• Utilize the company’s knowledge of the market and your customer base to better understand your sales efforts to date. For example:
    • Look at your sales history, and look at the cases where you have closed business. Are there commonalities or patterns among clients with whom you have won new business?
    • Similarly, look for patterns in situations where you did not close new business.
    • Look for a sweet spot which characterizes business deals that you’ve won. If you find that in past efforts there is a segment where your close rate is higher – perhaps among clients of a particular size or in a particular industry – hire a sales executive who has a history of success in this segment of the market. This will improve your close rate and provide a base from which you can expand your sales efforts in a planned and orderly way.
  • Determine your most important market differentiation – what makes you special – and validate this with current and past customers. Make sure that your differentiation is as important to clients as it is to you. If it isn’t find out why clients chose you rather and your competition.
  • Is your sales process reactive or proactive? Until you truly understand your market, it is reactive. Once you understand where your sales efforts are most effective, improve your knowledge of this segment of the market and focus both your sales and marketing efforts here to boost your results.

How Do You Manage Opportunities in This Economy? Five Ways

Interview with Keith Merron, CEO, Avista Consulting Group

Situation: Ongoing uncertainty makes it difficult to clarify strategies going forward. What are the bases for these uncertainties and how do you manage opportunities in this economy?

Advice:

  • The world is moving so rapidly that they key to success is differentiation. There is so much information about how to do this that companies start to look similar very quickly. The ability to stand out as different is critical. Ask yourself:
    • What is my target market?
    • What are the needs that my offer will satisfy?
    • What is my unique approach that is distinct from other solutions which meet these needs?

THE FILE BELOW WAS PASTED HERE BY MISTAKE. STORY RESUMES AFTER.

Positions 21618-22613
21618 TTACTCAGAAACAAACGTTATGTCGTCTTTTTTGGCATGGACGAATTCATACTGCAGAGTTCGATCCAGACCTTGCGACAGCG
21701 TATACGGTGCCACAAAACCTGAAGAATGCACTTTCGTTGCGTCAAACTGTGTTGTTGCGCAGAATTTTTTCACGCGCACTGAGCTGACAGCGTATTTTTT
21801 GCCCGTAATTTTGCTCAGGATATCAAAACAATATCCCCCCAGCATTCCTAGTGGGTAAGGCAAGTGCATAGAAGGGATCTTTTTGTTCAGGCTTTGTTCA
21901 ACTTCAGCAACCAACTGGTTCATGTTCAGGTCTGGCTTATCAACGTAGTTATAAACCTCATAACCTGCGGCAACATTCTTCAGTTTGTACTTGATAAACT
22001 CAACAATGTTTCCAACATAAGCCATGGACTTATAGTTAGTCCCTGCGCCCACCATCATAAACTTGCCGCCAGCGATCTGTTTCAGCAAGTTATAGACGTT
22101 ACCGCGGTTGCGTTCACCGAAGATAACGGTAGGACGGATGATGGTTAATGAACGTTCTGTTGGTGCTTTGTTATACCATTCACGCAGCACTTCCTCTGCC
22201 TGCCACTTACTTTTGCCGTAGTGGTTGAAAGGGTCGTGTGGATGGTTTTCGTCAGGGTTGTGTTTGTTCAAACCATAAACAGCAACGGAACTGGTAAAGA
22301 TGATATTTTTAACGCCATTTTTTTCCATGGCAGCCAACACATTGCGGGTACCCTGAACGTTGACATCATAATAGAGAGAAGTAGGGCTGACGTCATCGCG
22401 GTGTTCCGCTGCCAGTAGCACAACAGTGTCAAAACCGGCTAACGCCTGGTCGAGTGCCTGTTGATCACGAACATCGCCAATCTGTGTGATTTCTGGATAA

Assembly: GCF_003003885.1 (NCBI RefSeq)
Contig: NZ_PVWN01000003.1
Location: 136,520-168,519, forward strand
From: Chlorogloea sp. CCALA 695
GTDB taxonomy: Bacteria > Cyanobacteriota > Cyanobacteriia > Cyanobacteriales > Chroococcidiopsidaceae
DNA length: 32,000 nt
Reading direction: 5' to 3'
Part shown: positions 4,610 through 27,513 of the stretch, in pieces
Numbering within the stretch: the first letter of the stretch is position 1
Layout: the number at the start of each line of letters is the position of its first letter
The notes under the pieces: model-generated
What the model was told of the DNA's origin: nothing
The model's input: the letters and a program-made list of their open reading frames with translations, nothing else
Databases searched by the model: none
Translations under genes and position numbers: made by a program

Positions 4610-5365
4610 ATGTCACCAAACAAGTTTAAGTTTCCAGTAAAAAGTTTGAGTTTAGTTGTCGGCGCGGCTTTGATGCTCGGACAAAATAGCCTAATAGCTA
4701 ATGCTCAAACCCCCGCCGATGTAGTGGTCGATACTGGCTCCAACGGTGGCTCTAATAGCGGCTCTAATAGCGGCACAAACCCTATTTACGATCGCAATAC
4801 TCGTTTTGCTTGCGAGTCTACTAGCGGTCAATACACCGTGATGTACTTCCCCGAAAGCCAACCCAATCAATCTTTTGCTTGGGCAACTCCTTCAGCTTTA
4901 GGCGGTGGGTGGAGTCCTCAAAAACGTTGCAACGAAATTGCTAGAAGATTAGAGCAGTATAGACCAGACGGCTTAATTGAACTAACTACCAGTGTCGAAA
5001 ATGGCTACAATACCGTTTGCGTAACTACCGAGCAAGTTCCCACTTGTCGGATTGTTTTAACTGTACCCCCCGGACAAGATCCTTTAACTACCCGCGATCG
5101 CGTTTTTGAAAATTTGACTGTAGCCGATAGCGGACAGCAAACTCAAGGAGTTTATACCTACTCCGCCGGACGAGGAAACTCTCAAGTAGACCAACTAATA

• Once you identify the answers, you need to back these up.
  • One has the opportunity to write the future. If you can get one step ahead of the curve this is a huge advantage.
    • Products that died were often two steps ahead.
    • Successful visionaries see patterns that are emerging, sense what is next, and speak to that.
  • Because information is at your fingertips through the Internet anyone can set up a business. The Challenges are viability and sustainability. If these are present the opportunities are huge.
    • The web is a place where you can share information. How to monetize this is unclear.
    • Once you have a following you can offer things for sale that are valued by your following. When this happens, the potential for fast growth is more available than ever. So is the flip side. If a restaurant gets trashed on Yelp this can kill it!
  • In a recession, M&A activity is faster. This enables one to establish a presence much more easily.
    • There are many virtual companies. You no longer have to be in the same place to work together! There are also many ways to partner or co-brand via the Internet.
    • What’s hard is to create tensile strength in the relationship. Because it is so quick and easy to cobble together relationships, the biggest challenges are creating loyalty and commitment.
    • The needs are communications, motivation, commitment and follow-through – just like in a traditional company but in a virtual space. This creates a true bond.

You can contact Keith Merron at keithmerron@comcast.net

Key Words: Uncertainty, Opportunity, Differentiation, Target, Market, Needs, Approach, Timing, Patterns, Visionary, Internet, Following, Community, M&A

What are the Strategic Components of a Marketing Plan?

Interview with Sanjay Sathe, President & CEO, RiseSmart.com